Breast Cancer Screening Stakeholder Update

Breast Cancer Screening Stakeholder Update

The Canadian Task Force on Preventive Health Care would like to provide an update on its comprehensive evidence-based review of the 2018 breast cancer screening guideline as we develop the 2024 updated recommendations.

Task Force mandate and expertise

The Task Force is an independent group of primary care and prevention experts internationally respected and recognized for their expertise in evaluating evidence and developing preventive health care guidelines for primary care and for all Canadians.

It develops rigorous, evidence-based preventive health care guidelines based on the principles of impartiality, collaboration, and inclusivity. Members volunteer their time and expertise and are vetted to ensure neutrality in assessing evidence and developing recommendations; they do not have ties to industry or specialty organizations, nor financial conflicts of interest.

For each guideline, the Task Force relies on subject matter experts and patient partners. The breast cancer guideline update includes four content experts (a clinical oncologist, a radiation oncologist, a surgical oncologist, a radiologist), and two patient partners.

In addition, we work closely with research teams from across Canada — including the University of Alberta, University of Ottawa, University of Manitoba, Institute for Health Economics (Edmonton) and Unity Health (Toronto). Together, they are responsible for systematically reviewing and analyzing the scientific evidence for the guideline, and providing the Task Force with a state-of-the-art evidence summary on which to base recommendations, and knowledge translation.

What is the current guidance?

We know that discussions about breast cancer are of utmost concern to Canadians. It is important that accurate information be shared and understood.

Both the existing guideline and the updated recommendations currently in development are for women* with no personal or extensive family history of breast cancer, genetic risks or signs and symptoms of breast cancer — for example, a breast lump.

The current guideline emphasizes the importance of discussing the potential benefits and harms of screening between patients and health care providers; this conversation leaves the door open for anyone to explore breast cancer screening options.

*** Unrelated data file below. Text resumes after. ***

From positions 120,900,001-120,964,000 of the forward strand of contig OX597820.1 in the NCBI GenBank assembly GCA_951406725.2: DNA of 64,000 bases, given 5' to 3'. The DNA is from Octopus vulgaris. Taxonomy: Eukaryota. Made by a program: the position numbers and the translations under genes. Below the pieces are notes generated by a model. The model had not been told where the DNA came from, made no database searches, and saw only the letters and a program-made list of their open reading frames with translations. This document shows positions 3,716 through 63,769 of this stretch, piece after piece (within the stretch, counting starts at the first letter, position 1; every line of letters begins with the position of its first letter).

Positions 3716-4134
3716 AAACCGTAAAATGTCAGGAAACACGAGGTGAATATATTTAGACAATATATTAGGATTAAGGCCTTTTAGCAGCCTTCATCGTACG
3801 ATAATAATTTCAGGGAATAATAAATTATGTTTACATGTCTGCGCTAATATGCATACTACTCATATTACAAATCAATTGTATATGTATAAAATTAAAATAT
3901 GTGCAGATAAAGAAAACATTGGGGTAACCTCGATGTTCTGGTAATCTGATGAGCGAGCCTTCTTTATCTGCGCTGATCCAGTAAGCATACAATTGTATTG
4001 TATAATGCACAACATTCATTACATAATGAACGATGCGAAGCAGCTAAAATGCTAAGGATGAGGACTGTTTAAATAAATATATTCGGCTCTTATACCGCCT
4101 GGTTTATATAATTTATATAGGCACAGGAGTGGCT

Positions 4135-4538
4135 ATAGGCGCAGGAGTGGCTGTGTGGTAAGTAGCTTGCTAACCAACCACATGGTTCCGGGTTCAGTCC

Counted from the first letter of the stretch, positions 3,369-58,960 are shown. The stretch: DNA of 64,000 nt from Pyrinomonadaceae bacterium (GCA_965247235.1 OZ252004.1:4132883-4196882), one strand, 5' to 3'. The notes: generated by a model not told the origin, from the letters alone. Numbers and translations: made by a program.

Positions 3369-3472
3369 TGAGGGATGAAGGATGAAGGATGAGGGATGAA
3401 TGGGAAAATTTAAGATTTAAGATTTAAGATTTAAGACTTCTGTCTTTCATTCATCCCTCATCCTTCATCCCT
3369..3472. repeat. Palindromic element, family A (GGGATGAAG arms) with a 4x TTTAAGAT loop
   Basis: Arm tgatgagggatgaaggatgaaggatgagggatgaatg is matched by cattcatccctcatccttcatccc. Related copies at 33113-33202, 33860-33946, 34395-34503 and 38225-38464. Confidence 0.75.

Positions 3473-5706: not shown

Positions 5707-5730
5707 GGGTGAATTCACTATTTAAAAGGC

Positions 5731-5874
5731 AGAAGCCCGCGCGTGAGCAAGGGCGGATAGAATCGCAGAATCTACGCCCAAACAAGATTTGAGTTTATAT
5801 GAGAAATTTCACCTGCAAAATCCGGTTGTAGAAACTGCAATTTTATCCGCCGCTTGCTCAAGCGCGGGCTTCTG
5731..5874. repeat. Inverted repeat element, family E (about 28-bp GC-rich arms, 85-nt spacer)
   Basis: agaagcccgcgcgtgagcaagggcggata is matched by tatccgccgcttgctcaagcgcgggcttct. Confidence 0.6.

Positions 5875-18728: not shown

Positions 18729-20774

After understanding the benefits and harms of screening, if a woman is interested in getting screened, they should have access to a mammogram. To reiterate – all women aged 40 years and older should be informed of the pros and cons of screening and if someone chooses to be screened, they should have access to mammography.

We are currently undergoing a detailed evidence review to update this guideline based on the latest evidence.

Comprehensive evidence and research review

The comprehensive review that engages both Task Force and external expertise assesses the available evidence, both past and current, including observational trials and modelling as well as randomized controlled trials — to ensure that updated recommendations are based on the best evidence available.

  • To date, the Task Force has invited over 120 individuals from 87 organizations and 22 individual experts to provide critical input on key documents (research plan, systematic review, draft guideline) for the breast cancer screening guideline.
  • 24 reviewers from 17 organizations, and 2 individuals provided input on the research plan; responses to all comments will be published.
  • In August 2023, the Task Force hosted an online portal through which people provided 145 documents from 19 individuals and 9 organizations that the Evidence Synthesis teams reviewed for potential inclusion.
  • The Task Force uses the Grading of Recommendations Assessment, Development and Evaluation (GRADE) system, which is internationally recognized, developed and constantly refined by experts in evidence-based medicine, and used by guideline panels around the world.

Next Steps

The Task Force will publicly release its draft recommendations this year, and we will invite stakeholders and the public to provide feedback before they are finalized. We will advise of this timing once confirmed.

The Task Force is steadfast in its commitment to developing evidence-based guidelines to inform the health and well-being of Canadians by bringing the systematic analysis of evidence to the forefront of all discussions and decisions.

*Cisgendered women, adults assigned female at birth, transgender men and nonbinary people